Hepa Protect – (learn more) supports proper liver function, metabolism, bile production and flow, rehabilitates the performance, health and repair of the liver, kidneys, bladder and gall bladder, detoxifies the kidneys and liver, tones and balances the connective tissue of the liver, kidneys and bladder, normalizes liver enzyme levels, regulates kidney acid/alkaline levels, for all types of stones and gravel of the liver, kidneys, bladder and gallbladder, reduces uric acid, for gall bladder inflammation, gall stones and gallbladder infections, for renal colic and renal calculi.

Stix & Stones – (learn more) promotes kidney function, helps to break up kidney, liver, gallbladder and bladder stones and gravel (active stones, crystals and as a preventative), helps to safely remove stones from the body; treats urinary infections, for kidney and liver disease, tones and balances kidney, liver, intestine, pancreas, gall bladder function and health, reduces uric acid levels in urine, increases urination, blocks the formation of calcium oxalate, provides pH modulation, for urinary system disorders and pathologies and for hepatic insufficiency.

Love Your Liver - (learn more) promotes the performance, health and repair of the liver, kidneys and bladder, facilitates rental and digestive excretions, provides protection and detoxification from insecticides, toxins, vaccinations, an inappropriate diet and an excess of food, relieves symptoms such as pressure, stomach pain, nausea, vomiting and flatulence, regulates kidney acid/alkaline levels, for hepatic lipidosis, Fatty Liver Disease (FLD),  Feline Lower Urinary Tract Disease (FLUTD), Feline Urological Syndrome (FUS) and Feline cholangiohepatitis.

I’m Allergic to Needles – (learn more) is used for proper pancreatic support, health and function, charged with producing proper insulin levels, for all types of diabetes I and II, to reduce glucose levels in blood and for insulin resistance, to improve the glycemic index in pets with diabetes, to regulate metabolic stress, and maintain proper liver metabolism, circulation, bile production and flow, for hepatic immune function, useful in regulating excess weight and fatty deposits.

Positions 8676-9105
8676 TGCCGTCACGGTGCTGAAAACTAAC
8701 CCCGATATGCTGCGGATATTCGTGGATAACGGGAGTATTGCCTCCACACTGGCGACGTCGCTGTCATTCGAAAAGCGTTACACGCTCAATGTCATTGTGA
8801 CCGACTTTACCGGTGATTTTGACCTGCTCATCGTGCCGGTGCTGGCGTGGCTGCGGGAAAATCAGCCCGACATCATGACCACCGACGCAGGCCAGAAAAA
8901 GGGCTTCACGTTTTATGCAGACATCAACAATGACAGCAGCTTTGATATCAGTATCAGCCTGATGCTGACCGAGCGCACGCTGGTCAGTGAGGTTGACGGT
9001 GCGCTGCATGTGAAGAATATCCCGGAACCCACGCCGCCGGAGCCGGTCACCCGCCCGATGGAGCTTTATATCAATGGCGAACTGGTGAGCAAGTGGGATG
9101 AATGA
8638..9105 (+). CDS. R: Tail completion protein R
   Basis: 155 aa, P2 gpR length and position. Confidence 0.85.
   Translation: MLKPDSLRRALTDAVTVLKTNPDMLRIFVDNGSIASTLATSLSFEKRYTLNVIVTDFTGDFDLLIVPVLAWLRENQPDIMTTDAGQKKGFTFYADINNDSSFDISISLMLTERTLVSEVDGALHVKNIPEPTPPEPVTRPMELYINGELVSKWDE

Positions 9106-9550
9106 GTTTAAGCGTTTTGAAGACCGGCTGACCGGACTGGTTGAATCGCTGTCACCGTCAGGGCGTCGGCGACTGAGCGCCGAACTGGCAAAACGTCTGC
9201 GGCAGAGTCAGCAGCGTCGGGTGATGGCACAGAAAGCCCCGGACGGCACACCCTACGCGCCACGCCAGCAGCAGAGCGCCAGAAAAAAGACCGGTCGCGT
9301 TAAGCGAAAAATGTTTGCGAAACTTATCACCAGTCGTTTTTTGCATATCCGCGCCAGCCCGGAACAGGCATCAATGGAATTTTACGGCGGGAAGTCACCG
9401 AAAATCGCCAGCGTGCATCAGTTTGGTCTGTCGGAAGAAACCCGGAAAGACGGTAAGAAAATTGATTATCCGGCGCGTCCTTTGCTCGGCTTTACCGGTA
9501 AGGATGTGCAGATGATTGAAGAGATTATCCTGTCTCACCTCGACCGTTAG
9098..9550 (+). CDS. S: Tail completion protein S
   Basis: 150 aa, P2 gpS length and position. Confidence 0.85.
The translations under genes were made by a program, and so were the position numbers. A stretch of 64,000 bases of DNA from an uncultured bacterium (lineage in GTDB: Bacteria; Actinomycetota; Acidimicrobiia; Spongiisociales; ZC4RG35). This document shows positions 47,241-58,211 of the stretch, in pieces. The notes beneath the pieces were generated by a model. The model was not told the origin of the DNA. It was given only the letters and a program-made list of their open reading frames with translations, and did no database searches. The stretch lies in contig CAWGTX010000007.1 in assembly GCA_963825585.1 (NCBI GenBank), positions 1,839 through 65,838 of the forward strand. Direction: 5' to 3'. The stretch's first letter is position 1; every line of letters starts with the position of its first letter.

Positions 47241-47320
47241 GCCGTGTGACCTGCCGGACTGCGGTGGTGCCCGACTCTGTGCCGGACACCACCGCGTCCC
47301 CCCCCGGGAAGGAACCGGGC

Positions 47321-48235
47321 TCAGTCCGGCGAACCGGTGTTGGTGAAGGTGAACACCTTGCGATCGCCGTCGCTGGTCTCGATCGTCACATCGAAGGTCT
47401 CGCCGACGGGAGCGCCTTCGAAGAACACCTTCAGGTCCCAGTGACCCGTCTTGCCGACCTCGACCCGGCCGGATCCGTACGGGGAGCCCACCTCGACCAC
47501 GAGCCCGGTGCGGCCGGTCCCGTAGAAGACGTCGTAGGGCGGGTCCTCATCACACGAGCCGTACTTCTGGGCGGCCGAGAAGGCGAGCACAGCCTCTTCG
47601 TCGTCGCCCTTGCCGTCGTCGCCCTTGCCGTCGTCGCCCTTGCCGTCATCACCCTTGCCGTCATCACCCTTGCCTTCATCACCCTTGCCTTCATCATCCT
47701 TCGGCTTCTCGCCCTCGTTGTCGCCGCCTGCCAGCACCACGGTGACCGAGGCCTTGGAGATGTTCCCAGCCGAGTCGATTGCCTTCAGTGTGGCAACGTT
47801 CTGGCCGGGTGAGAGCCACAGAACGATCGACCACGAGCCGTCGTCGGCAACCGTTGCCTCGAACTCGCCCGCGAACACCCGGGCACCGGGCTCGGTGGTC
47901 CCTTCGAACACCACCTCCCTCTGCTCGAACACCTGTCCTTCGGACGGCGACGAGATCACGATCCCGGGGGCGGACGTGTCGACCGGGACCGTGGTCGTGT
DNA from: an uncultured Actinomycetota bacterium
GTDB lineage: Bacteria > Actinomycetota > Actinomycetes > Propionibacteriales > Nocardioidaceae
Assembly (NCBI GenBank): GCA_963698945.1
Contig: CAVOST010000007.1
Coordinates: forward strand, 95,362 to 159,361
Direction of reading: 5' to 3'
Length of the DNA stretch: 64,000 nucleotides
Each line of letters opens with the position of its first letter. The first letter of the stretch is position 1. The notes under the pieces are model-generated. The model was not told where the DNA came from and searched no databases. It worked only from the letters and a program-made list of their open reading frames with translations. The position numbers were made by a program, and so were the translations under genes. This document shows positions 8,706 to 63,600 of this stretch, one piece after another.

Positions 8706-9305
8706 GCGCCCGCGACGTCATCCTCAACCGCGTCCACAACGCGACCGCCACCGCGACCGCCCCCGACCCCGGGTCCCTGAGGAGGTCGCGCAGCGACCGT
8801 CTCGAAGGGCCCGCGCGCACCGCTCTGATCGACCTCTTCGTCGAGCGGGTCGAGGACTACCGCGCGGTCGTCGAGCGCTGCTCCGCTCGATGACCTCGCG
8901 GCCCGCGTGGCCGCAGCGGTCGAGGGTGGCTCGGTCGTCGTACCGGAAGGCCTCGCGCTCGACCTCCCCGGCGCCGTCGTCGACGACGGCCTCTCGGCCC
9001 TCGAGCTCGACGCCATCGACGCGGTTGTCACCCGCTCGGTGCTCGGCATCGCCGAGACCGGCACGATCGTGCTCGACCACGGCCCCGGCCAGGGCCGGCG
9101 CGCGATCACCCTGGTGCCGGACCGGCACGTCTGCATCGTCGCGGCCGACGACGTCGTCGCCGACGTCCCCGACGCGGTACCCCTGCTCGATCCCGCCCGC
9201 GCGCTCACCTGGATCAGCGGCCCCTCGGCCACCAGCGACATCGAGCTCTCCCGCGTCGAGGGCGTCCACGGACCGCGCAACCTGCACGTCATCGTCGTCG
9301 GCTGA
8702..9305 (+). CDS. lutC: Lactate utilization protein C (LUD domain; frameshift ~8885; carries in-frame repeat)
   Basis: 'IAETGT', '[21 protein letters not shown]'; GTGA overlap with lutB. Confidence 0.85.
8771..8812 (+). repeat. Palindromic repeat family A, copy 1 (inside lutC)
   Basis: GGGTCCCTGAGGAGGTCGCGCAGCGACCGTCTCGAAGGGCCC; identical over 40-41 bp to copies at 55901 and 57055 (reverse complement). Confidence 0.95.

Conventional Remedies:

A diagnosis will be based on a history of not eating as well as the clinical symptoms of weight loss, jaundice and lethargy. Blood tests will confirm the diagnosis although additional tests such as an ultrasound or biopsy of the liver may be needed.

It is important to distinguish tests of liver damage (like enzymes) versus tests of liver function (like bile acids). The enzymes ALT and AST are normally held inside liver cells; when their presence is detected free in the bloodstream, this is an indicator of liver cell death. A liver can have damage without any decrease in its overall function.

Treatment is purely supportive with the aim of providing nutrition until your cat starts eating on its own again. If the cause for the anorexia can be determined this must be treated e.g. a course of antibiotics for an infection. It may be necessary to force feed a high calorie diet and your vet might need to put a feeding tube into your cat’s stomach. It may also be necessary to put your cat onto intravenous fluids.

As a conscientious pet owner you obviously wish to do all you can to restore your pet to health and vitality. Seeing your cat so ill will be very distressing and certainly all options for treatment should be investigated.

Love Your Liver - (learn more) promotes the performance, health and repair of the liver, kidneys and bladder, facilitates rental and digestive excretions, provides protection and detoxification from insecticides, toxins, vaccinations, an inappropriate diet and an excess of food, relieves symptoms such as pressure, stomach pain, nausea, vomiting and flatulence, regulates kidney acid/alkaline levels, for hepatic lipidosis, Fatty Liver Disease (FLD),  Feline Lower Urinary Tract Disease (FLUTD), Feline Urological Syndrome (FUS) and Feline cholangiohepatitis.